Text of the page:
Functional Dyspepsia, 2016

Nicholas J. Talley; Marjorie M. Walker; Gerald Holtmann

Disclosures

Curr Opin Gastroenterol. 2016;32(6):467-473. 

In This Article

Infection and Immune Dysregulation

It is now established that the incidence of either upper, lower, or both upper and lower functional gastrointestinal disorders (FGIDs) is increased following an infection. Gutiérrez et al.[17] recently reported, in a retrospective cohort study of the United States military post Clostridium difficile infection, that there was a significant three-fold risk of incident functional dyspepsia symptoms as well as an increased risk of new onset GERD (three-fold) and IBS (six-fold). These data support the concept that functional dyspepsia, GERD, and IBS all form part of the postinfection spectrum and can overlap.

Although most of the postinfection studies have focussed on bacterial infections in the gut, Wensaas et al.[18] report that 3 years following an outbreak of giardiasis, the risk of both functional dyspepsia and IBS was increased (respectively, four-fold and three-fold). Giardiasis is generally a proximal gut infestation. Spiller[19] has speculated that postinfection, the extent of the acute inflammatory process may be key to the symptom outcome; if only the stomach or proximal small intestine is affected, dyspepsia may develop in those genetically predisposed, whilst if the distal small intestine or colon is involved, IBS may develop; the more extensive the inflammation, the higher the risk of developing both functional dyspepsia and IBS. This hypothesis is testable and remains attractive.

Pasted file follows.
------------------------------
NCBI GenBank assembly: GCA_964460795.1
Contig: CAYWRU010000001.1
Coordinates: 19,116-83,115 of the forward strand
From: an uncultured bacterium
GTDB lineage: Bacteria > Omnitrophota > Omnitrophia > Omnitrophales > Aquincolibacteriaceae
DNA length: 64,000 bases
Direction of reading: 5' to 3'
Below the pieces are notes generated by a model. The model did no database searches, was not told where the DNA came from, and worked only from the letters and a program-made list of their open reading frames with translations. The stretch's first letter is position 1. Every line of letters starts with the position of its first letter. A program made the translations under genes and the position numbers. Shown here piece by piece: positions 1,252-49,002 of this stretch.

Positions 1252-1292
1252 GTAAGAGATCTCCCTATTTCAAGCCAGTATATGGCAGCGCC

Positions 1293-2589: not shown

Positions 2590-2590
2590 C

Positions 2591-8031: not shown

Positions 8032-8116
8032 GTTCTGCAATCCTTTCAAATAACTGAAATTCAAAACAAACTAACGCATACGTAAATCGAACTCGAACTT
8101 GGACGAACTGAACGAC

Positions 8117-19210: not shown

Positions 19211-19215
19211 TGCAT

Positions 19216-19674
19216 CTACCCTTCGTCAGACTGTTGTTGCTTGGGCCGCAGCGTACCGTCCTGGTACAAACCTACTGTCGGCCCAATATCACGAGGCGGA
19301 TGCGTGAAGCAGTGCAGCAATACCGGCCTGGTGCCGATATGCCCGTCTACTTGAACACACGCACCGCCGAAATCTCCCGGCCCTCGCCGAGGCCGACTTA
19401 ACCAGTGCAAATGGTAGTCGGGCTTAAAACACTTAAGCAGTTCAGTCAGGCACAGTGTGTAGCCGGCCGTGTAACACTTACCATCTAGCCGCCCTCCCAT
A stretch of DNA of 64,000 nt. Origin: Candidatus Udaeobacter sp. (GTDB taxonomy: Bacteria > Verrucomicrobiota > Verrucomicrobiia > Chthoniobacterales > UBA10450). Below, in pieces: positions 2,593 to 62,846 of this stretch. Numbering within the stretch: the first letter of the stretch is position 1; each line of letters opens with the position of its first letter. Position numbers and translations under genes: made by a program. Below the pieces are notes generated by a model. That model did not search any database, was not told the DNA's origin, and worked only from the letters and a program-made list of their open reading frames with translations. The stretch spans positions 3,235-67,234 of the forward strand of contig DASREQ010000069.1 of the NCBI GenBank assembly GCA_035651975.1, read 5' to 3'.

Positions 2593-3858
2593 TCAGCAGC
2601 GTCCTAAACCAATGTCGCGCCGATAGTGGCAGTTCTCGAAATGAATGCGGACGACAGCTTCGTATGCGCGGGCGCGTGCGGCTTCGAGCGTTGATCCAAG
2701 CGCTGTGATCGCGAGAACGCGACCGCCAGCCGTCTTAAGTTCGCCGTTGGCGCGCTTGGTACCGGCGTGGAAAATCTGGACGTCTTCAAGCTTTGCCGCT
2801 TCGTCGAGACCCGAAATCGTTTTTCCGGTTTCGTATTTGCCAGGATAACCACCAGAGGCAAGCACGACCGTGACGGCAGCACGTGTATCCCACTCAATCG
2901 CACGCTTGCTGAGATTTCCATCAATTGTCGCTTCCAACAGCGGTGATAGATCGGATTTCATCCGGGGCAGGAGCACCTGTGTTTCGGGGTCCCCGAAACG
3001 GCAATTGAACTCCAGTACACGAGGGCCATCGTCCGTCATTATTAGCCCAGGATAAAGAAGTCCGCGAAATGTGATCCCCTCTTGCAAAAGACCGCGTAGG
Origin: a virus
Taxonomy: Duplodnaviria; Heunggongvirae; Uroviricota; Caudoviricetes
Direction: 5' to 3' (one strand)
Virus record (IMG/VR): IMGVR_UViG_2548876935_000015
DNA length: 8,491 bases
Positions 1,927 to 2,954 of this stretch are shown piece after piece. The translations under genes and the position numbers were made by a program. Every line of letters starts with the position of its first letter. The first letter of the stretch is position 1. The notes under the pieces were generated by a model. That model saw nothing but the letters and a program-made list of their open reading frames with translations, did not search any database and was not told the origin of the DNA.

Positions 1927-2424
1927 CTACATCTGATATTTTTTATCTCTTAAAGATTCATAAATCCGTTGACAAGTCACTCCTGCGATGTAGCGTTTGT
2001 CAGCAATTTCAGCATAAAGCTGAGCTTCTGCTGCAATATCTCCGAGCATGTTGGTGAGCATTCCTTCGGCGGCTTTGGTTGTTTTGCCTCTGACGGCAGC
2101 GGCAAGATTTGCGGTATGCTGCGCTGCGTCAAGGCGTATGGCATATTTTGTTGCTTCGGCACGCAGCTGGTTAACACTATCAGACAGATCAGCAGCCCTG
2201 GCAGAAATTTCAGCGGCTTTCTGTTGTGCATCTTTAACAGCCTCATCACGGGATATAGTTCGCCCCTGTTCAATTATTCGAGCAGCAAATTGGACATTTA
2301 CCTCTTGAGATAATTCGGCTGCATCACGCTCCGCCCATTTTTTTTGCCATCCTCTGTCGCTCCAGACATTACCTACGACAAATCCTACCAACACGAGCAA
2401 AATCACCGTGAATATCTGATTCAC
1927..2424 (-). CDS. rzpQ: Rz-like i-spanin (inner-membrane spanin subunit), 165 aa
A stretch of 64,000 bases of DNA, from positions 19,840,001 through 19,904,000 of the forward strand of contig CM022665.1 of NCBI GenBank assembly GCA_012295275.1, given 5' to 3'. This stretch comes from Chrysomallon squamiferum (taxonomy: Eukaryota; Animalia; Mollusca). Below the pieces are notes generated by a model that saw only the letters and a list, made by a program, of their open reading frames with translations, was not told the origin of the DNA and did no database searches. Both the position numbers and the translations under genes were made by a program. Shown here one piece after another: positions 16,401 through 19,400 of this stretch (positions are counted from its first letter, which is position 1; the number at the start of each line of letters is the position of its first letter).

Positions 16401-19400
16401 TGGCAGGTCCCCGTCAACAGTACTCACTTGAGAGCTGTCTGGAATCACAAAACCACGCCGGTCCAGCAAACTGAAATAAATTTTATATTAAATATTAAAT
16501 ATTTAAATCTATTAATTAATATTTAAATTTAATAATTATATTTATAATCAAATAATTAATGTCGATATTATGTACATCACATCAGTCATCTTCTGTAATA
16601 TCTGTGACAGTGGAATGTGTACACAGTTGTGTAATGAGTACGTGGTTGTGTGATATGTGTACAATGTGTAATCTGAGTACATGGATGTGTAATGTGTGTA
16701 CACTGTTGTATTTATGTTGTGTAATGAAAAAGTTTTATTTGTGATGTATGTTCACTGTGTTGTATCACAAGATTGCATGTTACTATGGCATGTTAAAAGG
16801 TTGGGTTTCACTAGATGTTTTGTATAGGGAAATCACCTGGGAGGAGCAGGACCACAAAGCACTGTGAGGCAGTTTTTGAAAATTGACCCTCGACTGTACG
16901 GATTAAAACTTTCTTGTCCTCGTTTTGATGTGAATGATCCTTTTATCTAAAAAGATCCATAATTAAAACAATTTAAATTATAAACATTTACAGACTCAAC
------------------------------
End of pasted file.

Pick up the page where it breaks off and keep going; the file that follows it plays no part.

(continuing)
H. pylori is a cause of functional dyspepsia, but the decision to treat must be individualized, as Du et al.[20] point out in a meta-analysis that summarizes the literature to include 5555 patients and 25 trials. The meta-analysis confirms that there are a minority who respond to eradication therapy long term (a year or longer), although quality of life appears not to significantly improve. A further benefit of eradication therapy in functional dyspepsia is the prevention of peptic ulceration in a significant number of cases, but those given eradication therapy also have more treatment-related side-effects. Overall, the data support offering eradication therapy to infected functional dyspepsia cases, but patients need to be informed about the risk benefit and understand that only a minority will obtain symptom relief.

The Kyoto H. pylori[21] global consensus report recommended that H. pylori-associated dyspepsia (defined as the subset of patients who have functional dyspepsia-like symptoms and H. pylori, and 1 year after successful H. pylori eradication have symptom resolution) should be classified separately from those with 'true functional dyspepsia' who are infected but fail to respond to therapy despite bacterial eradication. This conclusion was adopted by the Rome IV Working Team and is described as H. pylori dyspepsia (HpD).[4]

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